If you think stupidity is not one of the more ever-present, all-powerful forces in war (especially World War I, as I noted for the Modern War Institute before), it would seem you are not paying attention to even our own present conflicts, let alone history.

In final episode of the final season of Game of Thrones, when the surviving leaders of Westeros decided to go with Bran “the Broken” as an elected king, Robin Arryn—yes, the whiny brat who just a few seasons before, as a grade-school-age child, was still being nursed like an infant by his mother and had smashed Sansa’s replica snow castle of Winterfell in a toddler-like tantrum—had a seat at the table with the “great” leaders who were left. There was no Tywin Lannister, no Olenna Tyrell, no Doran Martell, no Ned Stark, no Stannis Baratheon; they were all dead by the end of the show, as were most of their top advisors. Barely-not-still-children like Robin, Bran, Sansa, and Gendry and people who never thought they’d be leading realms—or at least not nearly so soon—were the ones left standing in their stead, along with lacklusters like Edmure Tully, who, sadly, could accurately claim to be “one of the senior lords in the country” at the council that elected Bran king.

Taking stock of who was left then, it’s easy to see why the closing phases of conflict before that final council were chaotic and messy. Quite often in the real world, wars devolve into Pyrrhic stalemates, with sides whittled down to shadows of their former selves as the conflict grinds on, with the bold and creative and even simply competent leaders dwindling ever more in quantity as the fighting takes its toll. The final seasons, especially the final season, of Game of Thrones demonstrate this usefully and impart to viewers how messy war can really be in a way few shows have.

If you were one of those people frustrated toward the end of the series with the stupidity of characters and felt that itself was somehow indicative of lower-quality storytelling, consider the words of the ancient Greco-Roman historian Polybius:

There are two roads to reformation for mankind—one through misfortunes of their own, the other through those of others. . . . We should always look out for the latter, for thereby we can without hurt to ourselves gain a clear view of the best course to pursue.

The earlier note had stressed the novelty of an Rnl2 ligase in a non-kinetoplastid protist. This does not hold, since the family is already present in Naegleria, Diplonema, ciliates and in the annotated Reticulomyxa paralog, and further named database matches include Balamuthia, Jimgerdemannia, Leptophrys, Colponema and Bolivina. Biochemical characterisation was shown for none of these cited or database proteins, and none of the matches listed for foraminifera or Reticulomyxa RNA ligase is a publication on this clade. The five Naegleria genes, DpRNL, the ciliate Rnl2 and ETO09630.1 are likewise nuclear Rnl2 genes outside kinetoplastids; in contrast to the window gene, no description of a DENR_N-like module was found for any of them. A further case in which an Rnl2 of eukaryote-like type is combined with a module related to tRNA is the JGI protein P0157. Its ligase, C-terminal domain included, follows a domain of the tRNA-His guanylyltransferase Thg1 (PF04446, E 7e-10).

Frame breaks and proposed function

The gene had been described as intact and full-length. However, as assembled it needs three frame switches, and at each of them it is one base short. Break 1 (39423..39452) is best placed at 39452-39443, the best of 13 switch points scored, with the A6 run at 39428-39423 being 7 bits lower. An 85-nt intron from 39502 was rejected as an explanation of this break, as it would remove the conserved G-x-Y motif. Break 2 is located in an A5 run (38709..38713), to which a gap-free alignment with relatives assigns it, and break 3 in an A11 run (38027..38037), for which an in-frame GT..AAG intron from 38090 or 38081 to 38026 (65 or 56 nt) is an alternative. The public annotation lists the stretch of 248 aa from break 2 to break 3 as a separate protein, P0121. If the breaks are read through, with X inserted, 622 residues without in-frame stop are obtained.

As we are right now in the midst of the seventy-fifth anniversary of World War II’s ill-fated Operation Market Garden, an example of real-life stupidity in war from which one may learn many valuable lessons, the very same questions and issues posed by the fictional Game of Thrones can also be valuable tools for engaging critical thinking and pondering the stupid, needless risk and slaughter into which war so often devolves. Any of us can appreciate to some degree the lessons of Market Garden in viewing the classic film A Bridge Too Far, and for those looking for more modern examples, HBO’s singular Generation Kill miniseries does a similar service for the Iraq War. In these, you can see not just failure, but also bravery, competence, even brilliance (sometimes in mitigating the effects of failure, a vital skill in war). David Benioff, D.B. Weiss, George R.R. Martin, and their Game of Thrones provide the same, however fantastical the dragons and wars of Westeros may seem to us, and for that, they should be commended and their work herein discussed seen as the teaching tool it can be.


Author’s note: This has been adapted from an upcoming much larger article on the final season of Game of Thrones. If you want to read more work on Game of Thrones (or are wondering why I did not include Tyrion Lannister in my examples of stupidity) or other topics, feel free to keep up with me on social media.


Brian E. Frydenborg is an American freelance writer and consultant from the New York City area who holds an MS in Peace Operations and specializes in a wide range of interrelated topics, including international and US policy and politics, security, conflict, terrorism and counterterrorism, humanitarianism, development, social justice, and history. He just returned to the United States after over five years in the Middle East.You can follow and contact him on Twitter: @bfry1981 and at his own news website: Real Context News.

The views expressed are those of the author and do not reflect the official position of the United States Military Academy, Department of the Army, or Department of Defense.


Image credit: C.C. Chapman